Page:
2. I have used Lighfield slugs for years taking many deer including bucks over 250 lbs. One well placed shot and they drop! In my opinion, there are no better slugs on the market. My longest kill was 187 yards with a 3.5 IDS. Yes the cost more but giving the fact you only need on shot a box of 5 lasts me 5 years. I have tried them all and Lightfied is simply the best. Ithica model 37 DeerSlayer w/ Ultradot Red Dot sight.

  3. Great article but for lack of one thing. WHERE’S THE BEEF! Not one picture of the slug itself!!! Now who is the knucklehead that left that picture out?

  4. I have had the opportunity to shoot Lightfield slugs for the last several years. Unlike this article i prefer to shoot the 3.5 inch lightfield commander IDS slugs. They kick like a mule in my mossberg 835 with a slug barrel but man do they have some serious knock down power. I have shot several deer with that slug and never lost one. Two of the deer were over 75 yards and they folded up where they stood. Yes they are a pricey round and usually the 3.5 is hard to find but i highly recommend this shoulder thumping round.

  5. I have been using Lightfield slugs for about 15 years. I had trouble finding a load that would shoot well from my Ithaca 37 Featherweight Deerslayer.
    A good friend turned me on to Lightfield, and now it’s all I use. I get < 3 inch groups at 100 yards and they pack a massive punch. They are a shoulder pounder from my short barrel deerslayer, but it only takes one to let the air out of any deer I've ever come across. Well done Lightfield!!!

  6. I have been using Lightfields for many years now. I’ve dropped deer up to 150 yards away right where they stood. My sluggun is a Remington 870 with a rifled barrel and a Nikon slugmaster scope.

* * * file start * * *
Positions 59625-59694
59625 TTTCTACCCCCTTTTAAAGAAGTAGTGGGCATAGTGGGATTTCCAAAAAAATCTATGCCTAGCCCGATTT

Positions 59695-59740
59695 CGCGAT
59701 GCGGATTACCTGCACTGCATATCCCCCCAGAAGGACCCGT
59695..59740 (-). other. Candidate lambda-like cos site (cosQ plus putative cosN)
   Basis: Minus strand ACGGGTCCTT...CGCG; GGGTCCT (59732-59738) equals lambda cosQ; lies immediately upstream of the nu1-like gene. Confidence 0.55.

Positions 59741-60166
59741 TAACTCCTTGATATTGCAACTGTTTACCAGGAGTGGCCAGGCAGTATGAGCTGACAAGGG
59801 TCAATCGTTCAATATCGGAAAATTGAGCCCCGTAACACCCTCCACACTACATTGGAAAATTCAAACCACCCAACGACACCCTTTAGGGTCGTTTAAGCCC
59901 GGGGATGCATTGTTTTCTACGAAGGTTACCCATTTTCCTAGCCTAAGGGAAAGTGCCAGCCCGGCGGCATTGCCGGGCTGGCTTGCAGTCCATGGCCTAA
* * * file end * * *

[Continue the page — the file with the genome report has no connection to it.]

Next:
7. I have no experience with Lightfield, but I am a huge fan of Brenneke’s Green Lightning Heavy Field Short Magnum product. This product uses a one ounce lead slug without a sabot in the 20 GA version that I use. It has proven to be very accurate, and very deadly. I hunt with a single shot, and I have never had to fire a second shot using this round. Deer very often drop very near where they were standing when shot, and those that do run don’t run very far. If you’re looking for a new slug round, I recommend that you also try Brenneke.

    1. I also am a fan of Brenneke! My preference is the “Black Magic” 3 inch, I also have in my ammo the “Rottwieler” a 2 3/4 inch round, and the “Magnum Classic” the round used by Alaska State Troopers and Fish & game for rogue dangerous animals.

      I WOULD look at a study done with both of these ammo groups side by side.
      Whoever did it would need to match advertised performance of each pair.

  8. When we were still a slug gun state (ohio) i used these slugs in both the 12 gauge moss 500 slug barrel and an H&R single shot 20 gauge slugger they both had very good results out to 150 yards .We are now allowed straight walled rifles so i use a 45.70 break open now but if i had to go back to slug barrels only lightfields are the slugs i prefer. A bit pricey at around 15.00 a box of 5 but they do perform well in most any slug gun and will drop whitetails .